A New York study concluded that only 1 in 44 cases of elder financial abuse is reported. One reason? The sad truth is that many cases of elder abuse occur in families. Some kids are under the unfortunate misimpression that they’re ENTITLED to their parents’ money. If Mom or Dad suffers from dementia, they may be even more vulnerable. Perhaps Johnny lives near his mom, who suffers from Alzheimer’s Disease. He visits and helps out more than his siblings, and he’s having trouble paying his own bills. He’s mentioned in the will, so what’s the problem if he gets his fair share a little early?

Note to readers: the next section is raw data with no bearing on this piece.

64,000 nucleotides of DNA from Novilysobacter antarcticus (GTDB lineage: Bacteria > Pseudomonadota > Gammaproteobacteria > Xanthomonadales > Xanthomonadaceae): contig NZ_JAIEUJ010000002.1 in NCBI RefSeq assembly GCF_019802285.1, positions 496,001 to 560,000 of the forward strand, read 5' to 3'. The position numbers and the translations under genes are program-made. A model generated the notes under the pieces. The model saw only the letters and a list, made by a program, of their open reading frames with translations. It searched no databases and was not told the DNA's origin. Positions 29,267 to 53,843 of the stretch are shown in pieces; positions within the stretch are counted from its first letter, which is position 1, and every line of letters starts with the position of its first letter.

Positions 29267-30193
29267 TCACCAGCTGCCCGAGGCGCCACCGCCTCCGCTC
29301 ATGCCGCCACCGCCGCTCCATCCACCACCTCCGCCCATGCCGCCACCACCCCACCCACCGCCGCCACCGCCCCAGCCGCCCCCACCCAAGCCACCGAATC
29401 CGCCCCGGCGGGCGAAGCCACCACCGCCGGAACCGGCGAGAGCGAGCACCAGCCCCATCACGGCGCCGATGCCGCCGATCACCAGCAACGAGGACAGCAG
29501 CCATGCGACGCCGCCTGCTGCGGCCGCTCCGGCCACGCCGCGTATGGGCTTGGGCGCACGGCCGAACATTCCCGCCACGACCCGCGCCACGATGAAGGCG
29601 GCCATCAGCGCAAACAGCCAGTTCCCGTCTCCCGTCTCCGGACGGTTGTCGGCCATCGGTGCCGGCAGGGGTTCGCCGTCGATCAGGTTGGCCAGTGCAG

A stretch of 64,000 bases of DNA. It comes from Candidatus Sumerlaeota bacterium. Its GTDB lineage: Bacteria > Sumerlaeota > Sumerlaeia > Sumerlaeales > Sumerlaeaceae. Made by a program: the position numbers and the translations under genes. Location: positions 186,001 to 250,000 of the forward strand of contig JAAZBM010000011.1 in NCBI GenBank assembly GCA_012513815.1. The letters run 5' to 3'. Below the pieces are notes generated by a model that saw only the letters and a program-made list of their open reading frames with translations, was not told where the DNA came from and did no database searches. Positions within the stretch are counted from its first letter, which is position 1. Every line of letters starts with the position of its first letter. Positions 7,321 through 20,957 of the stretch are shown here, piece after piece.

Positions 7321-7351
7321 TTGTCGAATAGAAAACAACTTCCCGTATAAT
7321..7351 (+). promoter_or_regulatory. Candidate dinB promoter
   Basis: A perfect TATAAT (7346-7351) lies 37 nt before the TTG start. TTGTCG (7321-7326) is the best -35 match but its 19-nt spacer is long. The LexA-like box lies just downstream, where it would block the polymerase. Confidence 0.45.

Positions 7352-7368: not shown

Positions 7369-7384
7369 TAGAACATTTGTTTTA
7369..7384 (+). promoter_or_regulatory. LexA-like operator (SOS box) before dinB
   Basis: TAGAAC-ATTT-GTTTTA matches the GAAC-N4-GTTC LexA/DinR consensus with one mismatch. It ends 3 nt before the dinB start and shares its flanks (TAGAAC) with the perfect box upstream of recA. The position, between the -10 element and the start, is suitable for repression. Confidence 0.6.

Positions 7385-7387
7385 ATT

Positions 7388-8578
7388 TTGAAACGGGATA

Bottom line? Stealing is stealing, whether it involves a stranger or a trusted caregiver—including a relative. Most family members are good people, and would never commit financial abuse. But Johnny should be held responsible if he takes money or valuables without his mother’s permission. Is there a solution? Keep an eye on your assets. Understand that no one, not even a relative, has the right to intimidate you as to how you handle your money or your estate. And consider having someone designated as your advocate to keep an eye on your financial accounts. EverSafe encourages members to sign up at least one trusted family member, friend, or professional who can be given “read-only” access to your account statements.
Because relatives don’t let relatives steal from Grandma.